Seek cover! Godzilla returns to the big screen this summer, roaring like the King of the Monsters should. Bolstered by outstanding effects, a cast with Bryan Cranston, Elizabeth Olsen, Ken Watanabe, and Aaron Taylor-Johnson, and absolutely none of the mistakes that plagued the 1998 film, the new Godzilla is blockbuster summer fare on a grand scale [insert “scaly” joke here!].
Because everyone goes to see a Godzilla film for the familial drama, yes, the 2014 attempts to build its heart around good soldier Ford Brody, his father, his wife, and son (and a lost boy about halfway through), but the true beating narrative is the cold blood pumping through the titular monster. It turns out that Godzilla is the Earth’s protector, created to bring “balance” whenever other scary, giant monsters turn up and ruin vacation spots like Hawaii and Vegas. Godzilla emotes far more believably than the human cast, although Watanabe deserves credit for delivering the film’s best line (“Let them fight,” in answer to the U.S. military’s convoluted plan to knock out all three monsters at once).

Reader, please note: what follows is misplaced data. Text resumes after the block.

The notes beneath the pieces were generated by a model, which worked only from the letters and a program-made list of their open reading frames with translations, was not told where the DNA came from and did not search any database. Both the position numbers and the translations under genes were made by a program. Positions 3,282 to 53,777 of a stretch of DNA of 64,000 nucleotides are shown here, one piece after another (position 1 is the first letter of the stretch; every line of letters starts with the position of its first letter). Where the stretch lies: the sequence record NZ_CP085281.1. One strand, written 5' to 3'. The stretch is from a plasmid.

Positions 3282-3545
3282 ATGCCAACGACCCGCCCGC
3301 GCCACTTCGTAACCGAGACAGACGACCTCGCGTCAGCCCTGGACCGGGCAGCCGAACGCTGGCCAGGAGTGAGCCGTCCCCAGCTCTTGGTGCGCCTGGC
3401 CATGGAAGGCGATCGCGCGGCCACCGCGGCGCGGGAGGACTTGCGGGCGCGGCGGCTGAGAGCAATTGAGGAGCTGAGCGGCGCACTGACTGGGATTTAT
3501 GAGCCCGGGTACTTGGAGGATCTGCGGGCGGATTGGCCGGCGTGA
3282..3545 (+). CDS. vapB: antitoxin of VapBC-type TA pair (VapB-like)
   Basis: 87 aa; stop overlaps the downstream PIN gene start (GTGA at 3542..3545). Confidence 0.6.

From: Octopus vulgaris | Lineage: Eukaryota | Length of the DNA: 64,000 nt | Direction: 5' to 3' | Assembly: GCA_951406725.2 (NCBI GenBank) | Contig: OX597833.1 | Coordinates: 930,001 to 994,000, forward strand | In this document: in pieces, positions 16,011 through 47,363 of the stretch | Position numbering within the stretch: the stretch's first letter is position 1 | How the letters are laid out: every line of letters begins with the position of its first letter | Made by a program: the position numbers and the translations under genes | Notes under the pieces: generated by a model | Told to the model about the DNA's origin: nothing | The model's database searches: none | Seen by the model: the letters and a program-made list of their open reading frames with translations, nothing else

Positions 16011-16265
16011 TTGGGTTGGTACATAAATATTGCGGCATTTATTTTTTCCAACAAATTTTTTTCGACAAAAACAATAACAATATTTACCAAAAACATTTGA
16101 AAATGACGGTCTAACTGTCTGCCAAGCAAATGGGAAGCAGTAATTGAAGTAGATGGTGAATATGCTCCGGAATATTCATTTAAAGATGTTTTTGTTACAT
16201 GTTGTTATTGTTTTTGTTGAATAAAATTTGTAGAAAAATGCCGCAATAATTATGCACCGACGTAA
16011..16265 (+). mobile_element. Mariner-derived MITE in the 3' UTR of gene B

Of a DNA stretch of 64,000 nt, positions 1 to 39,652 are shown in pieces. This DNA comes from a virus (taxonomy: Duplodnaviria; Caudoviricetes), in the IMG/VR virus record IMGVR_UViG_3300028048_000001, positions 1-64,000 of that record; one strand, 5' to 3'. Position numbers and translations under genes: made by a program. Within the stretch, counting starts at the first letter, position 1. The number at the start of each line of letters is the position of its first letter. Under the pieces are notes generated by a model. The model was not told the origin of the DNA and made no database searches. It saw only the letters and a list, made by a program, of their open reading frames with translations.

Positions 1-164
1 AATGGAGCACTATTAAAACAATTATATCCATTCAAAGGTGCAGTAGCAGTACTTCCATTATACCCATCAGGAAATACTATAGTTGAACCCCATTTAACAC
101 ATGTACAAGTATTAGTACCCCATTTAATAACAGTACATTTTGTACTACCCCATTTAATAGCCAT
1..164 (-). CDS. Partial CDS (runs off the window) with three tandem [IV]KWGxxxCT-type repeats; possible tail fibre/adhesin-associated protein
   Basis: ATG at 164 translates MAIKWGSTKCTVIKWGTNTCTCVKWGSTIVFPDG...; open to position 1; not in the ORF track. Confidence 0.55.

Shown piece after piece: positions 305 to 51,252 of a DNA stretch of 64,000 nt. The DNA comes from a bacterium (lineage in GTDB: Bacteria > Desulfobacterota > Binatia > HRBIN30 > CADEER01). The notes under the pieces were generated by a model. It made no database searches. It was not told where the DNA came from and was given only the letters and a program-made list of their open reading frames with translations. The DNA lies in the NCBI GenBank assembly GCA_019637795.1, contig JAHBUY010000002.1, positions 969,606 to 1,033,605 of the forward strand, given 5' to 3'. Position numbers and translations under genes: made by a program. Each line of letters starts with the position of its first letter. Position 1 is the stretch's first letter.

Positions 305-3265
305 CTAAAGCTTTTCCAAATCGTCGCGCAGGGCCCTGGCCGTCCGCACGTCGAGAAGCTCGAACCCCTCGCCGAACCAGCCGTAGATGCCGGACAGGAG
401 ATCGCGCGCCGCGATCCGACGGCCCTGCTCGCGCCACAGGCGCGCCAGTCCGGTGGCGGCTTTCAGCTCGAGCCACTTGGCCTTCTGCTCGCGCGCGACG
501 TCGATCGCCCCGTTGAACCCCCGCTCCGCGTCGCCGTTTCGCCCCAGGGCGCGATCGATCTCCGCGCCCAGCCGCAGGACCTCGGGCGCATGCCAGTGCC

Snark aside, this is nevertheless a blast with high tension throughout--and when the monster fights do happen, the audience would be wise to clear their throats of any excess popcorn. There are cheer-worthy moments when Godzilla comes to the rescue, and the scope of destruction is immense and impressively managed.
Be advised that this film features more of the destruction that the monsters cause than the monsters themselves. This is a classic Godzilla approach, as the Kaiju retain their terror and mystique without overexposure. And when he is given ample screen time, Godzilla is a wonder to behold; his new film is best viewed on as big of a screen as possible and with eyes open wide